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" This is indeed a festal day,
Though my friend in his last moments hath in this and other instances been so considerate of our happiness, I am afraid he is not likely to leave our morals much better than he found them: I cannot say that in the course of my duty as an Observer any very striking instance of amendment hath come under my notice; and though I have all the difpofition in life to speak as favourably in my friend's behalf as truth will ,let me, I am bound to confess he was not apt to think so seriously of his latter end as I could have wished: there was a levity in his conduct, which he took no pains to conceal; he did not feem to reflect upon the lapse of time, how speedily his spring, fummer, and autumn would pass away and the winter of his days come upon him; like Wolsey he was not aware how soon the frojt, the killing frost would nip his root: he was however a gay convivial fellow, loved his bottle and his friend, passed his time peaceably amongst us, and certainly merits the good word of every loyal subject in this kingdom. As for his proceedings in other countries, it
is not here the reader must look for an account of them ; politics have no place in these volumes; but it cannot be denied that he has made many widows and orphans in Europe, beer an active agent for the court of death, and dipped his hands deep in Christian and-Mahometan blood. By the friends of freedom he will be celebrated to the latest time. He has begun a business, which, if followed up by his successor with equal zeal, less ferocity and more diferetion, may lead to wonderful revolutions : there are indeed fome instances of cruelty, which bear hard upon his character; if feparately viewed, they admit of no palliation; in a general light, allowances may be made for that phrenfy, which seizes the mind, when impelled to great and arduous undertakings; when the wound is gangrened the incifion must be deep, and if that is to be done by coarfe instruments and unskilful hands, who can wonder if the galh more refembles the stab of an affassin than the operation of a surgeon ? An æra is now opened, awful, interesting and fo’involved in mystery, that the acutest speculation cannot penetrate to the issue of it: In short, my friend in his last moments hath put a vast machine in motion, and left a task to futurity, that will demand the strongest hands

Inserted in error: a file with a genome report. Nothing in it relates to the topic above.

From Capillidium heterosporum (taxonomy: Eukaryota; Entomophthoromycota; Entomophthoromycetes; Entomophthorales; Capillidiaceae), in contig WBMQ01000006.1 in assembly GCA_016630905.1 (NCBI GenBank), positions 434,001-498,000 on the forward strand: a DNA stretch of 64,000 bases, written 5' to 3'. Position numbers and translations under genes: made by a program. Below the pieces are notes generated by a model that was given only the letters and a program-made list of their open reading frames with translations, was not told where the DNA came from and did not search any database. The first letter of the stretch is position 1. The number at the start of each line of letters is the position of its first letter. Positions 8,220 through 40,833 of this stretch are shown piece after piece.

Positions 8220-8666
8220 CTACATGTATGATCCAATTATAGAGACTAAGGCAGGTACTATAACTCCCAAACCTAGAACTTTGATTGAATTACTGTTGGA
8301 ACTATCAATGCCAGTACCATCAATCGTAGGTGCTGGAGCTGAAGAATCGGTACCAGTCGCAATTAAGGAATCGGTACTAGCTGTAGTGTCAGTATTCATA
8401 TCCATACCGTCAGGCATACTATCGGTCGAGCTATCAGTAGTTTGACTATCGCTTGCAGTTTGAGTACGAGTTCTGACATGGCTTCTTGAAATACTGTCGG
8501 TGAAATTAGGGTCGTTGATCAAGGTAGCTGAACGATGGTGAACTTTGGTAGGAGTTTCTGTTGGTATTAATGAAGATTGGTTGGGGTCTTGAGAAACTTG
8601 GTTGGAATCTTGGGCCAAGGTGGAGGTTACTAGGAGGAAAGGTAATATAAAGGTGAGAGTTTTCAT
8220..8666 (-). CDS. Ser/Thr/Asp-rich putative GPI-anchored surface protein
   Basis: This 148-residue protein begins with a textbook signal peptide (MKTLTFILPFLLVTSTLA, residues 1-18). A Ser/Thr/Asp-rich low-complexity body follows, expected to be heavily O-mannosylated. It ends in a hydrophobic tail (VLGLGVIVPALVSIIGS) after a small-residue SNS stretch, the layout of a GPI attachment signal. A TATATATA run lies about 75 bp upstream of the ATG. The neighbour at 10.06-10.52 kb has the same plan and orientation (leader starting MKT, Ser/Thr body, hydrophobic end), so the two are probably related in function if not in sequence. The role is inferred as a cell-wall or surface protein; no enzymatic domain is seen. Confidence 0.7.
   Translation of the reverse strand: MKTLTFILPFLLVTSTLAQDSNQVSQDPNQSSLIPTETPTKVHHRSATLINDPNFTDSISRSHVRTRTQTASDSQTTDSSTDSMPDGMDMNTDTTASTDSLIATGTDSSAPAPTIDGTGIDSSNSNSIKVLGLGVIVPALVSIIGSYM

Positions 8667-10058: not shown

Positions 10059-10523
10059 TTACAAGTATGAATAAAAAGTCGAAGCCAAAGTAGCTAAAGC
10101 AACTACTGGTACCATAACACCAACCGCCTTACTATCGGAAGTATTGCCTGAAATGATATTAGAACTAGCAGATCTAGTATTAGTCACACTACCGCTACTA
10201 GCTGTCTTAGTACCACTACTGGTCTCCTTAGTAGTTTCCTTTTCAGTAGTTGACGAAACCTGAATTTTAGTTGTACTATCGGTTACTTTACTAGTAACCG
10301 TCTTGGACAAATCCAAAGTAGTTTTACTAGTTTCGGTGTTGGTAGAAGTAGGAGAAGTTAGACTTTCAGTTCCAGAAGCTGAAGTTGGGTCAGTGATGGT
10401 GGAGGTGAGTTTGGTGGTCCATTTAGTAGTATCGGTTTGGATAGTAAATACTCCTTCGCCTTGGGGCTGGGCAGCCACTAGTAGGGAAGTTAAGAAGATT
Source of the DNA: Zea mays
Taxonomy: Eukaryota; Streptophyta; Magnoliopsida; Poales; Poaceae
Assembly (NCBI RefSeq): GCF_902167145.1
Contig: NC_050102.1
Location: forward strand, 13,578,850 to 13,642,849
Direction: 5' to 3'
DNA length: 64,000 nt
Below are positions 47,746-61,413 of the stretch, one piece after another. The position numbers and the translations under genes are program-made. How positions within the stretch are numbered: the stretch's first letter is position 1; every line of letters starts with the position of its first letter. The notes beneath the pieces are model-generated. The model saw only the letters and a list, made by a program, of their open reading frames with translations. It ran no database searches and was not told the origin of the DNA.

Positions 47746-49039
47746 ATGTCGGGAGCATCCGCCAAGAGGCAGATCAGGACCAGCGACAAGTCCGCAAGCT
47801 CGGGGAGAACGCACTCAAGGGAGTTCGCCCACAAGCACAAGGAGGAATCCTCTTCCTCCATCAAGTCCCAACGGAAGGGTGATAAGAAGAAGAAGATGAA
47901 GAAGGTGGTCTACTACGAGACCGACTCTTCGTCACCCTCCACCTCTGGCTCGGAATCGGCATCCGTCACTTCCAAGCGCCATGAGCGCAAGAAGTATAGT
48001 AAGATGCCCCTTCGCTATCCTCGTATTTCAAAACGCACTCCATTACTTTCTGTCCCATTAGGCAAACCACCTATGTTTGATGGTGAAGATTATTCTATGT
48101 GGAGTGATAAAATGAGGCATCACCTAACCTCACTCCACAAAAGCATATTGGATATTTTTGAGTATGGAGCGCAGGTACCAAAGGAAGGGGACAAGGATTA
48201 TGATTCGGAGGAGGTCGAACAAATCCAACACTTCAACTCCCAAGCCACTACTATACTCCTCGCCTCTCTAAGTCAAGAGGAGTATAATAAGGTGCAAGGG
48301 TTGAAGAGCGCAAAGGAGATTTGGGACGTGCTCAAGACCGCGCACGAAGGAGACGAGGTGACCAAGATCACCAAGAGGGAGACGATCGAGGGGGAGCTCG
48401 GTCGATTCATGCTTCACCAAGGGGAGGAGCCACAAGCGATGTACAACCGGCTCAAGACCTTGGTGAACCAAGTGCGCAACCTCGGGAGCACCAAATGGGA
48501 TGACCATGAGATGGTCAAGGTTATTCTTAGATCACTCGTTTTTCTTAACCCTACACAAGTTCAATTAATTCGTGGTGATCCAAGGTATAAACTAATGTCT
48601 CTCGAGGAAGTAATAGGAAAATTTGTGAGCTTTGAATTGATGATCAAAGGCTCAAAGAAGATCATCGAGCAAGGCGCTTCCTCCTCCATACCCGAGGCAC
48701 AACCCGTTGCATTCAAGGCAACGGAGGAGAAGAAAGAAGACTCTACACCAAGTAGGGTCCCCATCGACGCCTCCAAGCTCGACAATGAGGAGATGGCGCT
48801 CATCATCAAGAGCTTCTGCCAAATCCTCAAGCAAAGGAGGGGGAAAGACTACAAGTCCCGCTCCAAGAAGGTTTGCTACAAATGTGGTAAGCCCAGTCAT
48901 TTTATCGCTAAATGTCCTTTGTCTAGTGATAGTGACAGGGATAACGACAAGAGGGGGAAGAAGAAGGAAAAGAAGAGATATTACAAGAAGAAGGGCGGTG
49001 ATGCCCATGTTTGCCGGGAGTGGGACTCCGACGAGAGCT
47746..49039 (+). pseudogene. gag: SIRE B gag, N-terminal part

and ablest heads to compleat: in the mean time I shall hope that my countrymen, who have all those blessings by inheritance, which less-favoured nations are now struggling to obtain by force, will so use their liberty, that the rest of the world, who are not so happy, may think it an object worth contending for, and quote our peace and our prosperity as the best proofs exifting of its real value.
Whilst my thoughts have been thus employed in reflecting upon the last day of an ever-memorable year, I have compofed a few elegiac lines to be thrown into the grave, which time is now opening to receive his reliques,
« The year's gay verdure, all its charms are gone,
" Time flies amain with broad-expanded wings,
« Oh! for a moment stop-a moment's (pace
« But, 'tis in vain ; old Time disdains to rest,
“ Though the new-dawning year in its advance " With hope's gay promise may entrap the mind, “ Let memory give one retrospective glance “ Through the bright period, which it leaves behind.
• Æra of mercies! my wrapt bosom springs
“ The joyful tidings o'er the distant round
« Period of bliss! can any British muse
“ Thcu Freedom's nursing mother shalt be stild,
“ A sanguine mantle the dread infant wore,
• Then at that awful fight, as with a spell,
• Meanwhile Ambition chac'd its fairy prize
“ The trampled serpent (Superstition) wreath'd
“ Oh Austria ! why so prompt to venture forth,
“ Down then, Ambition; drop into the grave!
" Come then, sweet Peace! in Britain fix thy reign,